A decorated US Navy Seal who has angered former comrades by identifying himself as the killer of Osama bin Laden has told how he thought he would die during the mission.
Robert O'Neill, 38, confirmed his identity to the Washington Post amid a barrage of controversy over a forthcoming US television special in which he will recount the daring special forces operation raid on the al-Qaeda terror chief's compound in 2011.
Rob O'Neil has become a public speaker since leaving the US Navy Seals
Mr O'Neill now makes his living as a well-paid motivational speaker, but he decided to join the military aged 19 in response to a failed relationship in his run-down mining hometown of Butte, Montana, he told friends.
He was a moose-hunter so he wanted to sign up for the Marines as a sniper, but when he went to the recruitment centre he was persuaded instead to join the Navy.
Bin Laden was finally found and killed via a web of satellite intelligence.
It was the start of an illustrious military career in which he was decorated 52 times for his heroism. His exploits have already been captured anonymously in three Hollywood action films, Zero Dark Thirty, Captain Phillips and Lone Survivor.
Mr O'Neill was part of the lead of column of commandos who burst into bin Laden's compound in March 2011 and fired off the bullets that felled the al-Qaeda founder.
But his motivation for coming forward and his version of events have been challenged by former Seals, including some who disclosed his name on a specialist military website ahead of his planned self-unveiling on Fox News next week.
Mr O'Neill acknowledged that shots were fired by at least two other Seals during the raid, including Mark Bissonnette, who described the raid in the book, "No Easy Day".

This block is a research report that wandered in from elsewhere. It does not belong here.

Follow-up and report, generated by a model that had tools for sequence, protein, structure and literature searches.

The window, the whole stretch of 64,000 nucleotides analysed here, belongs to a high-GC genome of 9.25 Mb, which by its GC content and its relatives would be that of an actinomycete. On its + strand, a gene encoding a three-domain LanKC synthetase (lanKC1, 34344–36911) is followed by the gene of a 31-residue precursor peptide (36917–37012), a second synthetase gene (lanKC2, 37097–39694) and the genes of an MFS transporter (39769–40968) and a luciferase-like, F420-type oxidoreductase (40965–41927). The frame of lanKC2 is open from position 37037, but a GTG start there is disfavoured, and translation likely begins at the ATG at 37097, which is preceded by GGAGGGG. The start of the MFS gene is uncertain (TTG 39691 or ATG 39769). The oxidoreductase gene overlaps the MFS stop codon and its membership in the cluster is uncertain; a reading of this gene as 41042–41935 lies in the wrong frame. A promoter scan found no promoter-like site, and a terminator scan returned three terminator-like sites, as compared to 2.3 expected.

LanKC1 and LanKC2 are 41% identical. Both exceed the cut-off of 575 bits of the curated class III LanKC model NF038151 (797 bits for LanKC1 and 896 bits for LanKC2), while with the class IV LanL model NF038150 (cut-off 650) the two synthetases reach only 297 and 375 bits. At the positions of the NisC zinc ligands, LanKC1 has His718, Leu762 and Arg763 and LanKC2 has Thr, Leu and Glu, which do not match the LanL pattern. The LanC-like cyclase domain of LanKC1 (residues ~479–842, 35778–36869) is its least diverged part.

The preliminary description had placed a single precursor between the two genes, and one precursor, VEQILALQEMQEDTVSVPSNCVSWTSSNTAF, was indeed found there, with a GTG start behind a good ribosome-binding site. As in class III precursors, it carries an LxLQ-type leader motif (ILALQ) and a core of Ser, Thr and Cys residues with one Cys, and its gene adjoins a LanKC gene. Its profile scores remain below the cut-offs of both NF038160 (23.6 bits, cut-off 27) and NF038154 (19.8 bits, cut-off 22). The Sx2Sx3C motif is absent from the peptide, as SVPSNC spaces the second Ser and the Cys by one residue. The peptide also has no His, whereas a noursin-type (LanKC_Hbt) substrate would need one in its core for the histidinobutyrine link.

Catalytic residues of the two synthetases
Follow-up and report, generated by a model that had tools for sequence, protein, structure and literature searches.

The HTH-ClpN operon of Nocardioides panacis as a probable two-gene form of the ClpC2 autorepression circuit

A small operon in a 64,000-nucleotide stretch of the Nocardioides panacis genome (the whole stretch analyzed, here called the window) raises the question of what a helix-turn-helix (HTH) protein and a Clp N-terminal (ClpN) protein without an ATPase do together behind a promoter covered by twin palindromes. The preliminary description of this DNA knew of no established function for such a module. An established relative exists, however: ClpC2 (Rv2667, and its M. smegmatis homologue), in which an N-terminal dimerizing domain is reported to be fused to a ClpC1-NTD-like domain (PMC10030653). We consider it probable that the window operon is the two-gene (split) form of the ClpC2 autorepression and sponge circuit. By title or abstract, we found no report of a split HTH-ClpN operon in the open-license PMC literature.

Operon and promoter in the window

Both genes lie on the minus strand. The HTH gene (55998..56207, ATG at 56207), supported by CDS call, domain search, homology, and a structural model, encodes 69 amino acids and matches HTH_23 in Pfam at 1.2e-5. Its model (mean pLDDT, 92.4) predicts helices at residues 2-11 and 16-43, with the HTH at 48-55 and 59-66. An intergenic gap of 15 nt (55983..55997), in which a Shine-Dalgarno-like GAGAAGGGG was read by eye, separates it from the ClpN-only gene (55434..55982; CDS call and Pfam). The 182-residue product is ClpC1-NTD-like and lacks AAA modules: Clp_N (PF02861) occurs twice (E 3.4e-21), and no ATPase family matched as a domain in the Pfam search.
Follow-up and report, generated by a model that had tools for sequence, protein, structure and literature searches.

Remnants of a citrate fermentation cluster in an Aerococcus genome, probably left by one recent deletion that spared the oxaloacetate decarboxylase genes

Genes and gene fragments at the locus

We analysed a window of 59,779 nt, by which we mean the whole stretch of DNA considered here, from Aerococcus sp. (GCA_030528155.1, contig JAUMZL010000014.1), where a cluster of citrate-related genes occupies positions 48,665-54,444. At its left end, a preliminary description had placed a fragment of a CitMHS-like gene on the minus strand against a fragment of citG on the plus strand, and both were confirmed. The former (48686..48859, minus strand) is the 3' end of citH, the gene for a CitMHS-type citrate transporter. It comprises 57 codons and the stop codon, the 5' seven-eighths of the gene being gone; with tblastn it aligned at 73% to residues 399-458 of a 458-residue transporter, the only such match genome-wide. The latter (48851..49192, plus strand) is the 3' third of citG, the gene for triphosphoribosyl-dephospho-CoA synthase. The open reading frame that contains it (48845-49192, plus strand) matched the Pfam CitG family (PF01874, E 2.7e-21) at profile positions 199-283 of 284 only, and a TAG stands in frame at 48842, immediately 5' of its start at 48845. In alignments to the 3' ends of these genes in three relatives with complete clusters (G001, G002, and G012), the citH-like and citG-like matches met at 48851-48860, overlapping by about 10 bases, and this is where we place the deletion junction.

But he insisted to The Washington Post that it was clear that bin Laden had been killed instantly by his first shot as his skull was split by the bullet.
Mr O'Neill took a half-step into the public eye last year with an interview in Esquire magazine, where he remained anonymous and was referred to only as "the shooter".
He complained that he was not receiving a full pension from the US military because he had served for 16 years instead of a full 20. He also described living in constant fear of a retaliatory attack and how his wife kept a shotgun in their bedroom.
Mr O'Neill appears to have used his military service as the basis for a lucrative career as a public speaker.
The website for the Leading Authorities speakers bureau lists him as being available to give talks for a fee of between $20,000 and $35,000 (£12,600 to £22,100). Similar fees are charged for Michael Hayden, the former director of the CIA, and General Stanley McChrystal, the former head of US forces in Afghanistan.
"A lot of the stuff out there is still classified and I want to maintain the integrity of my former unit," Mr O'Neill says at the start of a promotional video.
He adds: "I'm not telling any secrets and I'm not breaking any rules."
The decision by Mr O'Neill and Mr Bissonnette to cash in on the raid has infuriated the unit's leaders. In a letter to serving Seals, Rear Admiral Brian Losey said he would not tolerate "wilful or selfish disregard for our core values in return for public notoriety and financial gain".
He also warned that any commando who put classified information in the public domain would face criminal prosecution. Mr Bissonnette has reportedly been forced to forfeit $4.5 million to the government in a legal settlement.